In the tutorial that is linked below, I will be using my PSE 2019 Catalog that essentially contains all the photos/videos shot before 2015 as the example.  The name of the Catalog is “PSE 2019 Fixed Prime Photos 7-3-14”. This Catalog has 46932 total items.

  • 45,522 Photos
  • 1,137 Videos
  • 98 Audio Files
  • 175 PSE Projects

The vast majority of the media are on a Drobo, Drive O. But as shown in the left column in the figure below, they are scattered all over my PC on various internal and external drives. 

Click Here to view or download the tutorial PDF.

Until next time…

Maintaining and Protecting Your PSE 2019 Catalog


In this post I will highlight some tips for maintaining and protecting your PSE 2019 Catalog. They are contained in the AppTip Sheet that is linked below. Over the years I have presented tutorials on how to use the Backup/Restore commands that our built into PSE. Even though these tutorials were written for previous versions, the steps and screens are virtually the same in PSE 2019.  

Click on the link below to open the PDF file that describes how to protect and maintain your PSE 2019 Catalog.

Using the tips described in the AppTip Sheet will ensure that you spend your time doing the fun things that PSE 2019 allows, rather than troubleshooting problems with your Catalog.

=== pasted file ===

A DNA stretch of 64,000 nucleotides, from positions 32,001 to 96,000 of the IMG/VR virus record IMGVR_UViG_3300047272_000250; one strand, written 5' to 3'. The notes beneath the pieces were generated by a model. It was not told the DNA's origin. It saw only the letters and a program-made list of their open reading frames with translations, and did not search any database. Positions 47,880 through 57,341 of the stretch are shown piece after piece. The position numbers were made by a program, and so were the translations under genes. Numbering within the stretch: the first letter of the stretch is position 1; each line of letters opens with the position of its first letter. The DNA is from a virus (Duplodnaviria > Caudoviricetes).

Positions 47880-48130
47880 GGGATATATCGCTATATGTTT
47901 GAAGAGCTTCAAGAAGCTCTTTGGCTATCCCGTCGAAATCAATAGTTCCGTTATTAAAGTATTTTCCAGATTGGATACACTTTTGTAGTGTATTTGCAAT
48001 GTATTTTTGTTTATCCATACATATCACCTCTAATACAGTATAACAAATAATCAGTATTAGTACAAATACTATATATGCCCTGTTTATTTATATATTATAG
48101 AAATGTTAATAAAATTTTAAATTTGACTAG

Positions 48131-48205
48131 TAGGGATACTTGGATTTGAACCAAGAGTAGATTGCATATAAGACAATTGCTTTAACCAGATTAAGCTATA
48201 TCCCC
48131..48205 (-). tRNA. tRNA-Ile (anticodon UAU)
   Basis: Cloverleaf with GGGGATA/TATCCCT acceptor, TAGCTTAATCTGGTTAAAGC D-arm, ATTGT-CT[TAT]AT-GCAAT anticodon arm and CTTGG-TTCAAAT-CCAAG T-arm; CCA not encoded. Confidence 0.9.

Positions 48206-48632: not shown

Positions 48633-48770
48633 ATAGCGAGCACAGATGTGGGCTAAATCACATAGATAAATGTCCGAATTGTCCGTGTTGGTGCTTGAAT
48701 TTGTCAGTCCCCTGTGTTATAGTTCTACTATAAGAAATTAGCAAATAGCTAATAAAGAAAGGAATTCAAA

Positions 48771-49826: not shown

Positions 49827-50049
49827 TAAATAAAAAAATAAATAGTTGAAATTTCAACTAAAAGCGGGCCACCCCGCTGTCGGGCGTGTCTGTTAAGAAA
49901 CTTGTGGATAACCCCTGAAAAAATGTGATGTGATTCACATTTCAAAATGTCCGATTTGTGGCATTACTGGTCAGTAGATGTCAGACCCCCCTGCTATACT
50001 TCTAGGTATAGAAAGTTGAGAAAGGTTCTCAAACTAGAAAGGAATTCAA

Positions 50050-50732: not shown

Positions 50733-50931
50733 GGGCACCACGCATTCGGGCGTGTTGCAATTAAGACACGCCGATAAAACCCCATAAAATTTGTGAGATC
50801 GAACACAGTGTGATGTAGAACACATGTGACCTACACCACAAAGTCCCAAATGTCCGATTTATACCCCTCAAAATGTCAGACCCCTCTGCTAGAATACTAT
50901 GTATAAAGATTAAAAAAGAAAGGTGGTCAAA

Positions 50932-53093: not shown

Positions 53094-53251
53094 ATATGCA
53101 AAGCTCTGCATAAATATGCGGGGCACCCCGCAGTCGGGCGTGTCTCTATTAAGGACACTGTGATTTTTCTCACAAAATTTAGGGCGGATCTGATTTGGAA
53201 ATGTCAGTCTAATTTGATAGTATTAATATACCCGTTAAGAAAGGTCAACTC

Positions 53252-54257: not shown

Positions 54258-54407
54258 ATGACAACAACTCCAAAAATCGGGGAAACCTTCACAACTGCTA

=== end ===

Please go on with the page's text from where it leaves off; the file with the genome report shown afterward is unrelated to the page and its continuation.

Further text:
Until next time…

Using Photoshop CC to Prepare a Panosphere for Display on Okolo.com


Back in February, I posted an article how I use Okolo.com to display a panosphere. Okolo stitches the uploaded images into a 360-degree panorama or panosphere. In this post, I expand a bit on the earlier one. Okolo does not accept RAW images, which I prefer to take when using its panorama shooting modes. It only accepts JPEG images, and they can only be 5 Mb in size. So other software must be used to edit the RAW images, and then convert and resize them.

This post illustrates my workflow for preparing the 34 RAW images my DJI Mavic Pro takes using Photoshop CC. It goes no to outline the steps to upload them to Okolo.com to create and display the panosphere. I have detailed the steps in the PDF file that is linked below.

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Using PS CC and Okolo to Display 360 Panosphere

The workflow I describe here uses PS CC Action that does the necessary steps to convert and resize each image automatically. It is a simple action, and for the purposes of this post, I have not covered how to write it.

Finally, this can also be done in Photoshop Elements. I will probably write another post soon to better illustrate how to do it with the capabilities that are in Elements. Stay tuned.

If you found this tutorial to be helpful, please star-rate and Like it. And of course, any and all comments are welcome.